Failing to understand reality, and failing to grasp the consequences of such failure weakens the United States and emboldens our enemies.

An interview with Col. Austin Bay pointed out that there are approximately 200 wars going on currently in Africa — real wars.

Venezuela is falling apart. Their foreign minister blames the United States and called US Secretary of State John Kerry a “murderer” who has fomented unrest that has killed 28 people in their country. Since street demonstrations began against President Nicholas Maduro’s socialist government in early February, Venezuelan ministers have been accusing Washington of stirring u[ the country’s worst political troubles in a decade. President Maduro says that a bird is giving him advice from the late President Chavez.

There’s more, of course. Argentina is in deep trouble, our newly appointed ambassador neither speaks the language, nor has ever been to Argentina, but did provide significant funds for Obama’s reelection.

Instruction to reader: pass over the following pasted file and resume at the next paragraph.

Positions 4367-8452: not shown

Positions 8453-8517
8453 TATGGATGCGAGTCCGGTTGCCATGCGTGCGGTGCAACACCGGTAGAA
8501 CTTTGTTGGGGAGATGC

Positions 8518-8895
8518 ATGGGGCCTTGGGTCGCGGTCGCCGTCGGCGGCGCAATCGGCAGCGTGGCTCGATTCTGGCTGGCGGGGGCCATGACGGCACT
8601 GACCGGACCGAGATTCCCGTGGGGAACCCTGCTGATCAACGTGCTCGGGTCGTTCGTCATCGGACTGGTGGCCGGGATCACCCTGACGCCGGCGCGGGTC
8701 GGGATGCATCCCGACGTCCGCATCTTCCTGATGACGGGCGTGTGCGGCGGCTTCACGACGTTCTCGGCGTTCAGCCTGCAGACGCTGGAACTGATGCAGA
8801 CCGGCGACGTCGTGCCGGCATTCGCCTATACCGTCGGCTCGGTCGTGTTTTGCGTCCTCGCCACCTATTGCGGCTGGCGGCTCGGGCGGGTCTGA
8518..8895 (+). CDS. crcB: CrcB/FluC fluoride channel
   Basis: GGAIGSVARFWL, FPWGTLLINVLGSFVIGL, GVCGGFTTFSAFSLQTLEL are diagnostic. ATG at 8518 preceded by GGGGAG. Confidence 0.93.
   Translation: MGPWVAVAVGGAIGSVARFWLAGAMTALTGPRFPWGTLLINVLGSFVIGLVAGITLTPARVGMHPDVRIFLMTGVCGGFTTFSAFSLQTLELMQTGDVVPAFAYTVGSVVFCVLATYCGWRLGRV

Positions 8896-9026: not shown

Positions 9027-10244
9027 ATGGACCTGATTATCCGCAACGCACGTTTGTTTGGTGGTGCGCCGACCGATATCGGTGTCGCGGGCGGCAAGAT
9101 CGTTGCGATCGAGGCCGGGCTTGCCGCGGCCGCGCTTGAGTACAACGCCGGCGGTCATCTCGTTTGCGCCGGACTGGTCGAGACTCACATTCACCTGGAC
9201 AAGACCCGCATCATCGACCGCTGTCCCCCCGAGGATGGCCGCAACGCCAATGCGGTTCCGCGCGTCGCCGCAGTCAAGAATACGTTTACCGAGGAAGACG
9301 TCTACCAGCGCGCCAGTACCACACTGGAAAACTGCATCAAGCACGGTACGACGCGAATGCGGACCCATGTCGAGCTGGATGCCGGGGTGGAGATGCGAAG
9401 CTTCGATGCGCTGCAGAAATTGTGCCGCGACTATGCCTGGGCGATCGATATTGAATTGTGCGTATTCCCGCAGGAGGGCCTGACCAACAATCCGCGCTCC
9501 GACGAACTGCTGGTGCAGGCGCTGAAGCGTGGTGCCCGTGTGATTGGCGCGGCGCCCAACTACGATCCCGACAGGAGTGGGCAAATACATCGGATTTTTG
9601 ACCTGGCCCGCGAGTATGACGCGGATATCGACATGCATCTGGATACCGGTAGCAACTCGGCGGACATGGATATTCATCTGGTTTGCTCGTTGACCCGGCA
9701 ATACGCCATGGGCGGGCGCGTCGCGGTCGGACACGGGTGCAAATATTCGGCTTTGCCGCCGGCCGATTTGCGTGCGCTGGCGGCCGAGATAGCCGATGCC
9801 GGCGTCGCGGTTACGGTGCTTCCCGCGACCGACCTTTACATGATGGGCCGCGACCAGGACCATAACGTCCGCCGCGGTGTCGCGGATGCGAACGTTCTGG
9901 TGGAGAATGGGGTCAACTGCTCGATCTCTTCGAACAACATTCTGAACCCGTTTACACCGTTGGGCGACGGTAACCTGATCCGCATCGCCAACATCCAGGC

Qatar hosts the forward headquarters of U.S. Central Command, but also supports the Muslim Brotherhood, Hamas and radical Sunni outfits in Syria. Support for Yemen’s Iran-backed Houthi rebels was too much for Saudi Arabia. Saudi Arabia, Bahrain and the U.A.E. all recalled their ambassadors from Qatar.

And so the World turns on, altering and illuminating the affairs of man. Or something like that.

Have You Noticed Rising Food Prices? Here’s why: by The Elephant's Child

Food prices are up, and manufacturers are trying hard to keep you from noticing. Cereal boxes remain the same height, but they are thinner. Baker’s chocolate, formerly in 8 oz. boxes, now comes in boxes that are about ¼” smaller in every direction, contains half as much chocolate “NEW! 4 oz. Easy Break Bar, Same great chocolate. ” Still the same great price, for half as much. Sugar packages have lost a pound of content. I don’t like seeing food prices climb, but I object even more to manufacturers’ attempts to fool me.

If we insist, as a nation, on putting most of our corn crop into our gas tanks — the result is food price inflation. Food prices are rising faster than overall inflation. Core inflation is running around 2%, but the USDA said food prices would be up 3% to 4% last year. Corn ethanol does nothing for the climate, and it contains less energy than gasoline.  You’re just paying farmers to grow fuel instead of food. A rise in the price of corn affects the price of other farm commodities such as meat, poultry, dairy and soy products. Congress ended the direct ethanol subsidies in 2011, but the renewables standard remains, and it is the biggest factor. Food prices hit the poor the hardest, and the ethanol mandate is essentially a tax on the poor.